This is an (updated) post I wrote on an earlier blog regarding the story of Betty Mahmoody told in Not without my Daughter.
Betty is an American woman who marries an Iranian-American. The courtship and the first few years of marriage were wonderful. Her husband ‘Moody’ is a successful doctor. Together they have what most would consider a successful life. After several years of marriage around the Iraq/Iran war, Moody falls into depression (no pun intended). Moody is increasingly critical of the US, and his old life and loyalties are a powder keg between his new life and wife in America. The relationship becomes strained.
Moody decides the family should have a 2 week holiday in Iran. Betty fears that if she goes she will be trapped in Iran if her husband refuses to let her leave (in accordance with Iranian law). If she doesn’t go, she fears she will never see her daughter again.
She goes, and as expected he admits that none of them will ever leave Iran. She is beaten repeatedly and locked in a room as her husband tries to break her will and turn her into a submissive Iranian wife. To her horror, she is in a foreign country hostile to women, hostile to Americans. Her captor is empowered through law, culture and religion. She escapes to the Swiss embassy, only to find that under Iranian law she is Iranian. and the embassy can’t help. Thus begins her journey to escape Iran before she is beaten into submission, killed or her young daughter becomes indoctrinated into Iranian culture.
While the writing style is satisfactory, the true story is engaging. It is a good read.
However, as a writer it was even more interesting. Growing up in the West without much exposure to other cultures, it was a good insight (albeit vicariously) into another culture. Not being particularly well-traveled, I naturally assume that some things are universal, but that is not the case.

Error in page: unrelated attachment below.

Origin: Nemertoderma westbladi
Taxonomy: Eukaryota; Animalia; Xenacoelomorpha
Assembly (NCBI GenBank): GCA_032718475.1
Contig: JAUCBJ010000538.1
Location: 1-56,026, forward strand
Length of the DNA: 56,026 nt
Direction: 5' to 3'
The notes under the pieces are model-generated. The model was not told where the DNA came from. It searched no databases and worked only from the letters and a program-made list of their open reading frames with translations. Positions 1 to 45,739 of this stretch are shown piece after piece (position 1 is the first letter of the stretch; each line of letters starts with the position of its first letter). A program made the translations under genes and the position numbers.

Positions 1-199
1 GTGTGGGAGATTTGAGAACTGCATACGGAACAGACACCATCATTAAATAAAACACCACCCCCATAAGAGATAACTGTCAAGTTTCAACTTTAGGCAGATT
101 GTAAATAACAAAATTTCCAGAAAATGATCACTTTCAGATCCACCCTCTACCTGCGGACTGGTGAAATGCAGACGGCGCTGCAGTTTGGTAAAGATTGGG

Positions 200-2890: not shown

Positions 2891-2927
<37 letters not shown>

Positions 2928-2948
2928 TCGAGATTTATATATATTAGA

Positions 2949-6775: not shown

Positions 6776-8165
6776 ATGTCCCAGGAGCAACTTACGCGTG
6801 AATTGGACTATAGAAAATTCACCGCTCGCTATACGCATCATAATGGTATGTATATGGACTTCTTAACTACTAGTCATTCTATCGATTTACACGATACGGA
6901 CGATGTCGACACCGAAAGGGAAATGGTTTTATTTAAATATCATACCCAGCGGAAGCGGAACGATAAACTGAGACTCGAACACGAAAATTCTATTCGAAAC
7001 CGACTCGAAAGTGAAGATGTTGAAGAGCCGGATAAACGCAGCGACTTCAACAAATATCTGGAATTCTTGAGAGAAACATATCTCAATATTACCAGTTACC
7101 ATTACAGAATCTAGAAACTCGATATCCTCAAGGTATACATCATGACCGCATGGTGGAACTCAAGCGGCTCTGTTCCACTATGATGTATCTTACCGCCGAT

Here were a few of the culturally interesting things:
- The concept of taraf which is basically a polite offer of something, but with no intention of delivering. For example, as an avid reader of my blog I would be pleased to offer you a place to stay if you ever come to my country. Sorry, but that’s an insincere offer. Using taraf you can offer something, and the receiver will accept it politely, but know that they are not do actually expect it.
- General cleanliness and hygiene. Bathing irregularly, not caring about spilling food all over the floor or having cockroaches scurrying around the floor. Insects in the rice? No worry, don’t bother trying to sift them out, just cook the lot!
- A male relative in the house automatically becomes ‘the boss’ if the husband is not around.
- Under Iranian law the wife and the children belong to the husband. If the husband dies, the children belong to a relative. They never belong to the mother.
- A wife and children must absolutely obey her husband. If a promise is given to a man it will not be broken.
- An alternative idea of modesty. In public a woman must completely cover up and be displaying no face or hair. The most devout women only show one eye. However breast-feeding can be in public without covering the breast. Betty also recounts seeing a live birth of national TV – showing all of the woman’s ‘bits’ except for her head and arms!
- Making do. Cramming 10+ people into a car we would only seat 5.
- Religious police who enforce the miniscule or nit-pick.